The taxonomy of the Dictyotales is largely based on the comparison of vegetative and reproductive growth and organization (Phillips 1997). Homoeostrichus formosana sp. nov. is mainly characterized by blades composing of two to four layers of cells, single tetrasporangia scattered over both thallus surfaces, sporangia borne on a stalk cell, and lacking indusium and paraphyses. In the erect to recumbent fan-like fronds of Lobophora, unusual large medullary cell and indusiate sporangial sorus, and Padina, rolling margin and concentric arrangement of reproductive structures, which both are conspicuously differed from Homoeostrichus, whatever the habit, texture, anatomical and reproductive structures. Homoeostrichus has been very easily confused with Exallosorus and Zonaria, based on the vegetative and reproductive characters used for separating among them summarized in Table 2. The phylogenic trees based on SSU, psaA, psbA, and rbcL gene sequences supported that Homoeostrichus species are closely related to Exallosorus species but clearly separated from each others in addition to Zonaria species.
The genus Exallosorus is separated from Zonaria and Homoeostrichus in having regularly arranged cells in transverse section, densely placed basally stalked sporangia within sori that possess brown paraphyses and indusium (Phillips 1997) (Table 2). Sporangia of Zonaria lacked basal stalk cells, are surrounded by whitish paraphyses (except in Z. angustata) in the indusiate sori, and released eight spores (Womersley 1987; Phillips et al. 1994; Phillips 1997) (Table 2). Sporangia of Homoeostrichus are distributed among brown paraphyses in non-indusiate sori, and released four spores (Womersley 1987; Phillips et al. 1994; Phillips 1997) (Table 2). In this study, we also found the sporangia in H. formosana sp. nov. are singly scattered over the surfaces of the thallus without forming a sorus and lacking indusium and paraphyses (Table 3). Classifying the genera of tribe Zonariae based on these morphological and anatomical characteristics is basically agreed to five clades in phylogenic analyses based on gene sequences.
Homoeostrichus formosana sp. nov. is superficially similar to Zonaria diesingiana found from Taiwan in external morphology. However, H. formosana sp. nov. can be distinguished vegetatively and reproductively from Z. diesingiana, especially it makes four cell layers. The thallus of Z. diesingiana is composed of 4–8 layers of cells, in which the one medullary cell is flanked by 2 cortical cells in transverse section, the octosporangia are borne on no stalk cell, and white paraphyses are present in indusiate sori. However, the tetrasporangium of H. formosana sp. nov. is borne on a basal stalk cell and lacks paraphyses and indusium.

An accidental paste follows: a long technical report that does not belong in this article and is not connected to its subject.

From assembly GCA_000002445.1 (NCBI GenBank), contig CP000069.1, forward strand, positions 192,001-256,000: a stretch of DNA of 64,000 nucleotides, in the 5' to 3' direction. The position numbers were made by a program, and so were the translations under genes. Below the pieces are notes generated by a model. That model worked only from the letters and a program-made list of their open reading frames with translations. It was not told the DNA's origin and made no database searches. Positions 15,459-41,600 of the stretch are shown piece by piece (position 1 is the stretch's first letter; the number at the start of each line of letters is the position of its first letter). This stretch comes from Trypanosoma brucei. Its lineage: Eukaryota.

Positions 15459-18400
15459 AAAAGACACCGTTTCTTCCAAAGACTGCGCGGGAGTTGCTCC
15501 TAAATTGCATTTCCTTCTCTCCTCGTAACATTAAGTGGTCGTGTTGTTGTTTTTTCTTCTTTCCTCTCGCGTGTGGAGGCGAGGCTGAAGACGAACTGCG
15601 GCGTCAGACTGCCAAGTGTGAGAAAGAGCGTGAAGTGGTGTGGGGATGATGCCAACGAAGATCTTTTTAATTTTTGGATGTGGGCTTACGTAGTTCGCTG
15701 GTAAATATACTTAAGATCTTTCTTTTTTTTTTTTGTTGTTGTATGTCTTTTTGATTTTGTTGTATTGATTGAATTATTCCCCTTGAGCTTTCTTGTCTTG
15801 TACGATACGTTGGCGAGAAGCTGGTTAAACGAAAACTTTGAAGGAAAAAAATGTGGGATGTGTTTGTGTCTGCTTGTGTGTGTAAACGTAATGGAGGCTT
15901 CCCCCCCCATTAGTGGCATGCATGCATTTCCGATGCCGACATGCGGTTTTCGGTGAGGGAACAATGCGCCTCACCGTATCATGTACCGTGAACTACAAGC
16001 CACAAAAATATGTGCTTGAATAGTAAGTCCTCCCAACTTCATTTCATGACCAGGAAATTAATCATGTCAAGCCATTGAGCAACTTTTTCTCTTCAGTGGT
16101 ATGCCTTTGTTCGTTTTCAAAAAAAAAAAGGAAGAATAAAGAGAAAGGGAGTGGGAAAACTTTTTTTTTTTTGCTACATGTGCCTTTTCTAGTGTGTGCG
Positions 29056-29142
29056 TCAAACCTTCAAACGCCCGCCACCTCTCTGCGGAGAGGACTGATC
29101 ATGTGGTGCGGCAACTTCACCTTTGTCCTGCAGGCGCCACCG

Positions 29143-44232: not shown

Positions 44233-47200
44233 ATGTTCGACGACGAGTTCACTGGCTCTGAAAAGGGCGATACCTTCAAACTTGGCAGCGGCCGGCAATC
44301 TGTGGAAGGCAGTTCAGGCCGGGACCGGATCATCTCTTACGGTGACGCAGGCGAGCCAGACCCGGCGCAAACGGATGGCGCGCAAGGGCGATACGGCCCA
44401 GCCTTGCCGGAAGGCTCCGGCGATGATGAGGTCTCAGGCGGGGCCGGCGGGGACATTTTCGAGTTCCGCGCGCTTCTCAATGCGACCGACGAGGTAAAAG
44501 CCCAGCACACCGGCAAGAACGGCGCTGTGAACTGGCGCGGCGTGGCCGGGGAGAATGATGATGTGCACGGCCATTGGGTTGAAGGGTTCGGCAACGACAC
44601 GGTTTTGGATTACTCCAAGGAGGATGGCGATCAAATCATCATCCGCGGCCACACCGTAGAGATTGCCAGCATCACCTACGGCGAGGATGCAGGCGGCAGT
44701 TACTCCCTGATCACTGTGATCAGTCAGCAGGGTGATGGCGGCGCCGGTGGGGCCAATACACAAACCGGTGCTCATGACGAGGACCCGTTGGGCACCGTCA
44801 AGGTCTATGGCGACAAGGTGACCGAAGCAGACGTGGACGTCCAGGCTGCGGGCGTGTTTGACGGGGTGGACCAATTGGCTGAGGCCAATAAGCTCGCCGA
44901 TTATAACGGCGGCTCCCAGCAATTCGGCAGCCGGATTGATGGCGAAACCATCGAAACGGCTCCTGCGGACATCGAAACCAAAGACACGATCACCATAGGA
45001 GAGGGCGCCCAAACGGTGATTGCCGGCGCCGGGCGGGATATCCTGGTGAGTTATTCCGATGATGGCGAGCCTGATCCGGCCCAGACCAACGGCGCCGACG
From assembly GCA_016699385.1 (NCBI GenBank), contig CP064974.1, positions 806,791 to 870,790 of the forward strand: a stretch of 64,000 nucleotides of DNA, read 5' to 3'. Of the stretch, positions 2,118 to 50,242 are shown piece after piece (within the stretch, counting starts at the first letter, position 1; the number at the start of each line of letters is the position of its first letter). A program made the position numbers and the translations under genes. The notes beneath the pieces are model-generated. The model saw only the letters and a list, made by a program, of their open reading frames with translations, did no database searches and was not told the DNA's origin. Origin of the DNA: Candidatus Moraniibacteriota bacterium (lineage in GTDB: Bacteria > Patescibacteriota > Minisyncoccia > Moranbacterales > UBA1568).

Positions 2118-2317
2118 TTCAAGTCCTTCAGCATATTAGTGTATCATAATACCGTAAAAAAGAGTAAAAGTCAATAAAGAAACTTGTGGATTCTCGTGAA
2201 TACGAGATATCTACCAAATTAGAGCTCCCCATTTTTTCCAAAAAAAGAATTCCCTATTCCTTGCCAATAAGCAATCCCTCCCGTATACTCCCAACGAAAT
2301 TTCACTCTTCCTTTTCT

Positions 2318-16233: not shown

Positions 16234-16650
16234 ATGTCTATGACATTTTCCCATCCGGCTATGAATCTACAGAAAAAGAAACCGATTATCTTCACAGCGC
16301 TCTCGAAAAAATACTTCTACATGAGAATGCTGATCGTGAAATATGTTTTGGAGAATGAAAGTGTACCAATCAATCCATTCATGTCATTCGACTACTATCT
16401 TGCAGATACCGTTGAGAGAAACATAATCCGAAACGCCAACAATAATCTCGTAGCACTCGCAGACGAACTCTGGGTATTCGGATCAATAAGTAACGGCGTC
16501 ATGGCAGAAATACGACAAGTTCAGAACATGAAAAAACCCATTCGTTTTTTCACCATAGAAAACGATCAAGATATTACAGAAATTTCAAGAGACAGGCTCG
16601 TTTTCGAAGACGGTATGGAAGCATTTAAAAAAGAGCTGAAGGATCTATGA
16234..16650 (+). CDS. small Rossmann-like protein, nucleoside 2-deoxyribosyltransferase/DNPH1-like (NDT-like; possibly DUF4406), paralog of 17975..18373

Homoeostrichus formosana sp. nov. was previously misidentified as E. harveyanus (as Z. harveyana, H. multifidus) in Taiwan (Yamada 1925; Okamura 1936; Shen and Fan 1950; Chiang 1960; Lewis and Norris 1987). The thallus of E. harveyanus is composed of 6 layers of cells, which measured 120–170 μ m in thickness, and the sporangia are formed in a dark brown band of an indusiate sorus, whereas the sporangia in H. formosana are singly scattered over the surfaces of the thallus without forming a sorus (see Table 3). Although Yamada (1925) and Okamura (1936) had documented the thallus of “Homoeostrichus multifidus” (as H. formosana sp. nov. in this study) as being composed of four layers of cells, they did not observe reproductive structures, moreover, it is now known that E. harveyanus (as H. multifidus) is only distributed in southern Africa, the type locality (Silva et al. 1996; Phillips 1997). All molecular data also supported that H. formonosa sp. nov. is clearly distinguished from E. harveyanus in the psbA sequences molecular analyses in this study. Another Exallosorus species, E. olsenii, comprised of six cell layers, has sporangia assembled in indusiate sori that are connected with hairs and paraphyses, and with the reproductive structures only occurring on one thallus surface (Womersley 1987, as H. olsenii; Phillips et al. 1994; Phillips 1997), which is not agreed with H. formosana sp. nov. (Table 3).